All the same, it is unlikely that Trump would fundamentally changes his views on tariffs, Levy said. “When he speaks out about this, he says our best solution is to bring in many billions of tariffs revenue from abroad. Never mind that that’s not quite how it works.”

What the Talks Could Produce

Meyer saw two likely outcomes of the current trade dispute – one later this month and another over the long term. At the upcoming meeting in Osaka, “Trump and Xi may announce a face-saving trade ‘deal’ but it’s likely to be little more than a temporary truce since the larger strategic issues won’t be addressed,” he said. He also foresaw longer-term price impacts for businesses and consumers. “Business people will grasp that the days of China as synonymous with cheap are over, and supply chains and prices will adjust accordingly.”

Lovely also did not expect the issues to be meaningfully resolved in the Trump-Xi meeting. “We see these high level meetings creating a lot of heat but very little light in it,” she said. She noted that “very little” has come out of other high profile meetings Trump has had with world leaders in the past. “You cannot negotiate a trade agreement or fundamental changes on very difficult issues like the role of state-owned enterprises in international trade with simply a meeting between the two heads of state.”

Lovely is not optimistic about a breakthrough deal also because she did not see the right atmosphere for backroom negotiations. “What has transpired over the last six months has had a chilling effect on relations between the two countries,” she pointed out.

Typically, government officials do much of the spadework before such meetings between heads of state. “You have a lot of staff working for a long time setting everything up and then the leaders come together and they remove a few brackets and they close the deal,” said Levy. He added that it is not clear that such activity has occurred or is occurring now ahead of the Trump-Xi meeting.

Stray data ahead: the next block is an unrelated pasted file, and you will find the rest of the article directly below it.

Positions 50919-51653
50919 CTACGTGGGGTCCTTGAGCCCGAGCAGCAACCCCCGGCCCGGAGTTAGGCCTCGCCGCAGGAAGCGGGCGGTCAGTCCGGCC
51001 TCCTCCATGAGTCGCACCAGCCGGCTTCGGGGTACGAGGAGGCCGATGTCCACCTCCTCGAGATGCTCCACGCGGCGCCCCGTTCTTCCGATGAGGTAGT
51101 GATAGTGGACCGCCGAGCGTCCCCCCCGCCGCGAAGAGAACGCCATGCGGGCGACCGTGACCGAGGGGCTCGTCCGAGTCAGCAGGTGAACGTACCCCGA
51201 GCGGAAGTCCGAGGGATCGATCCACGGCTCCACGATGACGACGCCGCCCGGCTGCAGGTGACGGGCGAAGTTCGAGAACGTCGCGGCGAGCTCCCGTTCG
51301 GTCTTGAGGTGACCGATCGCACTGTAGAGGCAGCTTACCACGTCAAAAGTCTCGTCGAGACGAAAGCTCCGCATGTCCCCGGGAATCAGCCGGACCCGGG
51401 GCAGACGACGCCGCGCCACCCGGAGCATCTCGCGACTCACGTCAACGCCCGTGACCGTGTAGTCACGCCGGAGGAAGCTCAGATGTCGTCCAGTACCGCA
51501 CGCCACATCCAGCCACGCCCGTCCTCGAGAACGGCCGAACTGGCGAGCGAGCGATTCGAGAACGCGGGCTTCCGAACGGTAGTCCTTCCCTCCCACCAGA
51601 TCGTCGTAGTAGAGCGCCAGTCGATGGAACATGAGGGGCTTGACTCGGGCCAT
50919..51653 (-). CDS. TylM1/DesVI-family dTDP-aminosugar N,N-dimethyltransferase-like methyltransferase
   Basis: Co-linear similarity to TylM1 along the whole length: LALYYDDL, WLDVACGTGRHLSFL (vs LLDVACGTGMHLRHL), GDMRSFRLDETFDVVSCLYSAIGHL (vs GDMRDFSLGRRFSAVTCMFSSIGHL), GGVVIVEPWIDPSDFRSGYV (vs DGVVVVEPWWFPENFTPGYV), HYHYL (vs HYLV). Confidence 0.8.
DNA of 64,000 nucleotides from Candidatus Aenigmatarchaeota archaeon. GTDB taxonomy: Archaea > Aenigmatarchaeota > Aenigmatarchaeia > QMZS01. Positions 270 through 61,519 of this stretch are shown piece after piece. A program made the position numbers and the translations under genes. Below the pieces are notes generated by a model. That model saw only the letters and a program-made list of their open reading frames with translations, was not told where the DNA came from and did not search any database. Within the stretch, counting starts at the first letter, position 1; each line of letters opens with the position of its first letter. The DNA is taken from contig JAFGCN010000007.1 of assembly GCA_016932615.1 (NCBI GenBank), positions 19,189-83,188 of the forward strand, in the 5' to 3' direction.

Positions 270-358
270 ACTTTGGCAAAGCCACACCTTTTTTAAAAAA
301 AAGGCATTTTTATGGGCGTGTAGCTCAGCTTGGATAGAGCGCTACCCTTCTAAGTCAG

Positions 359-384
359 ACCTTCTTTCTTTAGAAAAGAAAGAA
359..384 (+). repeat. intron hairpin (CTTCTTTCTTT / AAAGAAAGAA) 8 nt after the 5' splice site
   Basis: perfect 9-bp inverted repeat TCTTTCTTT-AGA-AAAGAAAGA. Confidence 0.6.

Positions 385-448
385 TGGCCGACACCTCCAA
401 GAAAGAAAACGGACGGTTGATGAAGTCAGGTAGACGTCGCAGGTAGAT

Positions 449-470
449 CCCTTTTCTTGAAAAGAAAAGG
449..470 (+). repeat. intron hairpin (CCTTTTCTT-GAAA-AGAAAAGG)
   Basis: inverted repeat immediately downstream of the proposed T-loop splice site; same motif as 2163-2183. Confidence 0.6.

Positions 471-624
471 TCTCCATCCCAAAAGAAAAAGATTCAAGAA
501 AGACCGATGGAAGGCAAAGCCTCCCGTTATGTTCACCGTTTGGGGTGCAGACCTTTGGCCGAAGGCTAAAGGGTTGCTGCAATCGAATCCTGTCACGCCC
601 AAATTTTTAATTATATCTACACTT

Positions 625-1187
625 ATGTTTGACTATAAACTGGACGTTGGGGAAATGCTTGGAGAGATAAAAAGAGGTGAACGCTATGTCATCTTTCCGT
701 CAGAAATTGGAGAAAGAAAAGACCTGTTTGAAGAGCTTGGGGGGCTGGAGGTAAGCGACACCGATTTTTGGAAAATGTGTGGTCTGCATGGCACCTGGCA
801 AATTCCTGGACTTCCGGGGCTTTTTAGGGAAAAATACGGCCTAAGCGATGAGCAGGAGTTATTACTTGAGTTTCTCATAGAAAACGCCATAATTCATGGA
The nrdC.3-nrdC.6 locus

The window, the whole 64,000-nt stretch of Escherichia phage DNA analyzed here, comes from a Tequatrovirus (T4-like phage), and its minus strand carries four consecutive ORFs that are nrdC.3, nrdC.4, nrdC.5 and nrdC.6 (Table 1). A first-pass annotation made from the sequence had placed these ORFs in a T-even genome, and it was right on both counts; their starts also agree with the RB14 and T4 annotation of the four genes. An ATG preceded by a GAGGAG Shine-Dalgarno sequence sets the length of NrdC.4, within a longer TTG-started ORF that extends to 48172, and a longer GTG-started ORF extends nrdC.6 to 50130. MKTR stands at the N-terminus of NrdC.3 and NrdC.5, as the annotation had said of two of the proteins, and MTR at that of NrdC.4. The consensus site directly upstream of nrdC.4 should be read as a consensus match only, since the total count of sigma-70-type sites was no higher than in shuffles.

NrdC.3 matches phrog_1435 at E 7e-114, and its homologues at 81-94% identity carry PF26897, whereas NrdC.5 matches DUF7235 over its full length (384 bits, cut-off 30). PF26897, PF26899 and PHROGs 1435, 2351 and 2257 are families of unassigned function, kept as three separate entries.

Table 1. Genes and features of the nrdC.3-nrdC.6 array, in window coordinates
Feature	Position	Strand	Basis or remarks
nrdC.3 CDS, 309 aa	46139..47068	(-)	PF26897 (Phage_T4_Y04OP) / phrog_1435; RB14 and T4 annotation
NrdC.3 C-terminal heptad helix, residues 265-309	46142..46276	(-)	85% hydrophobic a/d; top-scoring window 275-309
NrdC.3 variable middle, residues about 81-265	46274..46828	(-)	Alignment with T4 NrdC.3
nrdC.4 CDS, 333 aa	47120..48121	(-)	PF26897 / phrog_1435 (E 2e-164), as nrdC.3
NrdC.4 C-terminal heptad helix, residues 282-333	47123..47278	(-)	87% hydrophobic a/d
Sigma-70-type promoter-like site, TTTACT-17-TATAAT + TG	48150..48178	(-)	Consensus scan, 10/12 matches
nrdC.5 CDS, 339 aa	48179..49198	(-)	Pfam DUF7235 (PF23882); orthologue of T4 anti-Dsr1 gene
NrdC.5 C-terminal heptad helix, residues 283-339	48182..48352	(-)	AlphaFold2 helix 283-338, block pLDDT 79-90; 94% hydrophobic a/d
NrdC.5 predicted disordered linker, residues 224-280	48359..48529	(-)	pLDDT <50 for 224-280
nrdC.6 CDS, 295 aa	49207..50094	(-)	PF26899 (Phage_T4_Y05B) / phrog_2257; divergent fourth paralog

“What has transpired over the last six months has had a chilling effect on relations between the two countries.” –Mary E. Lovely

The stakes have also risen as the trade dispute has gathered momentum. Last month, it appeared that China might strike a deal by promising “some new market access, some purchases of liquid natural gas and stuff like that, but basically just accept something and call it a win,” said Levy. There was no sight of a solution that would address “deeper, structural issues,” he added.

Meanwhile, the dispute has gained other layers that make it more “compounded,” such as nationalism, animosity and national security risks, Levy noted. The U.S. had made the first move by voicing its concerns over security issues such as cyber espionage using Chinese telecom equipment, for example, and China responded that it would not be pushed around by U.S. aggression, he said. “Those [issues] are hard to peel back quickly,” he added.

Levy pointed out that no easy answers exist for issues like how China treats foreign investors, its plan to deal with cyber attacks or the acceptable level of government subsidies. For instance, with government subsidies, ”there is no chance that we’re going to snap to a right answer in six months even if we had one,” he said.